Guide to self-development (part 1). Let's make 2022 the year we do better, be better, and live better.
Text: Aina Masood
Welcome to 2022. January is named after the god of beginnings and transitions, Janus, and with the beginning of this year, I want us to embark on a journey of self-development. As you may have noticed, "Part 1" written in the first two lines of this article, I would like to bring your attention to a plan that I have decided to work on for my articles throughout this year. Every month, I would like to talk about one area of self-development and for this month, let's talk about self-image.
What is it?
Self-image is one's view of themselves (APA dictionary of psychology). It is an internal dictionary that a person uses to describe their characteristics, and it comprises three elements.
How we perceive or think of ourselves.
How we interpret other people's perceptions of ourselves.
How we would like to be (our ideal self).
This self-image can be either positive or negative. So let's explore how we can build a healthy self-image.
Why is it important?
In my practice as a psychotherapist and my experience as a teacher, I have seen so many adolescents and young adults struggle with self-esteem and identity issues. How worthy we are (self-esteem) and who we are (identity) are questions closely linked with how we view ourselves (self-image). The answers to these questions play a pivotal role in going through transitions in life. One of those transitions is moving countries and living an international life. Therefore, talking about having a healthy self-image is of utmost importance.
Building a healthy self-image
Who are you?
To work on building a healthy self-image, we must have some basic knowledge of ourselves. Ponder over the question, what makes you who you are. It might be helpful to write it down somewhere and include both good and bad aspects of what makes you, YOU. Another way of having more self-knowledge is to reflect and ponder over your values, what kind of a human being you aspire to be, and what behaviours you would like to do more of or do less of.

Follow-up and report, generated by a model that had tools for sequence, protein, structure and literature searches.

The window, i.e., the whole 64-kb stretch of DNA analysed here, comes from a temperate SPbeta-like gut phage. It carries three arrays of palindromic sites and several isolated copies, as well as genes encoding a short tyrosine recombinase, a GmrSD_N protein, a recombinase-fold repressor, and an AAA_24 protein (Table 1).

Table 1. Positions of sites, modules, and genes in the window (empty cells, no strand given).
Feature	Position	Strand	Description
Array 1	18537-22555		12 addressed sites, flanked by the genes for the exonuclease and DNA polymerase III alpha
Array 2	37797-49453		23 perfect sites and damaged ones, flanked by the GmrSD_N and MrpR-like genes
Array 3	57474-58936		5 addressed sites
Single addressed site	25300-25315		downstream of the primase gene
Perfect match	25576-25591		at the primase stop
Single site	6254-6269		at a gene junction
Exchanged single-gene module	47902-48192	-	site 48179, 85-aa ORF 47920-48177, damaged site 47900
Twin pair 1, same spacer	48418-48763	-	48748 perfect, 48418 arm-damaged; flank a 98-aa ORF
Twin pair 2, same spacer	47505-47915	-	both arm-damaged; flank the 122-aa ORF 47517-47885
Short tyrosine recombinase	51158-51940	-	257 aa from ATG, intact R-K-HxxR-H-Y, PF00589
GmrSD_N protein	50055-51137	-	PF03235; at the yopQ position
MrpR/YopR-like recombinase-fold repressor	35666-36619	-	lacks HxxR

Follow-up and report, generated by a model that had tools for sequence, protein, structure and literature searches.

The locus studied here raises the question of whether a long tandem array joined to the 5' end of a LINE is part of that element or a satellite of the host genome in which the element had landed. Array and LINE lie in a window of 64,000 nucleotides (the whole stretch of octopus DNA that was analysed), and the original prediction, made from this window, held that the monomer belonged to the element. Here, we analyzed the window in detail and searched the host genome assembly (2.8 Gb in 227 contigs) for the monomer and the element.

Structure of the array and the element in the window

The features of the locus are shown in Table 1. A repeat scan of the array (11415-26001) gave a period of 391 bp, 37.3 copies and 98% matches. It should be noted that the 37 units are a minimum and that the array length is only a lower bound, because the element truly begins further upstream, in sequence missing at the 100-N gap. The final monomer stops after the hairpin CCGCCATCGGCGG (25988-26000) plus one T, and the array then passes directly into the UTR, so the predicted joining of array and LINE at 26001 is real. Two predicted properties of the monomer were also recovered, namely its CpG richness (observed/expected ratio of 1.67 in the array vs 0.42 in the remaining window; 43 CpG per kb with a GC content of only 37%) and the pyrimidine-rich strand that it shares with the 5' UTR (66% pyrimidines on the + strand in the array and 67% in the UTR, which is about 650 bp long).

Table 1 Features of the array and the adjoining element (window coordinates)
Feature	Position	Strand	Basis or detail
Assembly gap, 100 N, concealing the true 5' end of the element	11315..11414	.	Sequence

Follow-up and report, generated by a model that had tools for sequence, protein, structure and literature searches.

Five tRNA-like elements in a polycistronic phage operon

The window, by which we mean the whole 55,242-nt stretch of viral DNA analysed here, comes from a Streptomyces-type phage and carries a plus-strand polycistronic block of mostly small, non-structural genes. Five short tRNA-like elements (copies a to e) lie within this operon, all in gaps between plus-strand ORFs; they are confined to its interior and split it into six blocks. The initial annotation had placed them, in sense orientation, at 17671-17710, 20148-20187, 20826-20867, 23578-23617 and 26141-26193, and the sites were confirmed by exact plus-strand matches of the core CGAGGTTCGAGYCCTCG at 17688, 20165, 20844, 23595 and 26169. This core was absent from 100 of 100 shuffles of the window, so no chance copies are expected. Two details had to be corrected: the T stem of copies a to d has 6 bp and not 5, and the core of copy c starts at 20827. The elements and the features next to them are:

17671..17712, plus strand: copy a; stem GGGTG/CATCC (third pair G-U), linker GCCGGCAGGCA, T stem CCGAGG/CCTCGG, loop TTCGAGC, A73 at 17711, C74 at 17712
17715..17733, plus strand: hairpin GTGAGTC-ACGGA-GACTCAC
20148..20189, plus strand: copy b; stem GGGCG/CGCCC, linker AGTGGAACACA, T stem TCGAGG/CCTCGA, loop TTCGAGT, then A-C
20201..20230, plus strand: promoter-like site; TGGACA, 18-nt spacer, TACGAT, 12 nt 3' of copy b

It is comparatively easier to blame ourselves in stressful times than to focus on the good we bring to the situation. To boost self-image, remind yourself of the strengths you already have. Make a list of your strengths as a person. It could range from being funny to being kind, and it includes everything that you feel is your strength and has benefited you. If you are looking for your strengths in different situations, you would be amazed at how many qualities you ignore or take for granted.
Narrating your life story is another helpful tool derived from Narrative therapy. The basic assumption of which is that people are separate from their problems. When you narrate your life story, you become the author, and it helps you look at your life from a different vantage point, which helps you find meaning and value in your experiences. It also helps you organise your thoughts and facilitates the process of growth.
Actively changing self-talk
Self-image is our view of ourselves - how we talk to ourselves matters. Catch yourself when you use phrases like, "I am stupid", "I will never be able to do this", etc., and re-phrase. While re-phrasing, it might be a good idea to think if you would say the same things to another person or friend. If not, why shouldn't you show yourself the same kindness?
For people who struggle with self-image issues, therapy also might be a good option. You can look for therapists who work with self-image issues and/or are trained in client-centred therapy, cognitive-behavioural therapy (CBT), dialectical behaviour therapy (DBT), or psychoanalysis.
In conclusion, creating a healthy self-image is a long and sometimes slow process. But, if you keep doing little things, you will see significant changes. So, let's focus on our self-image this month to see beautiful things unfold for us eventually. Happy New Year.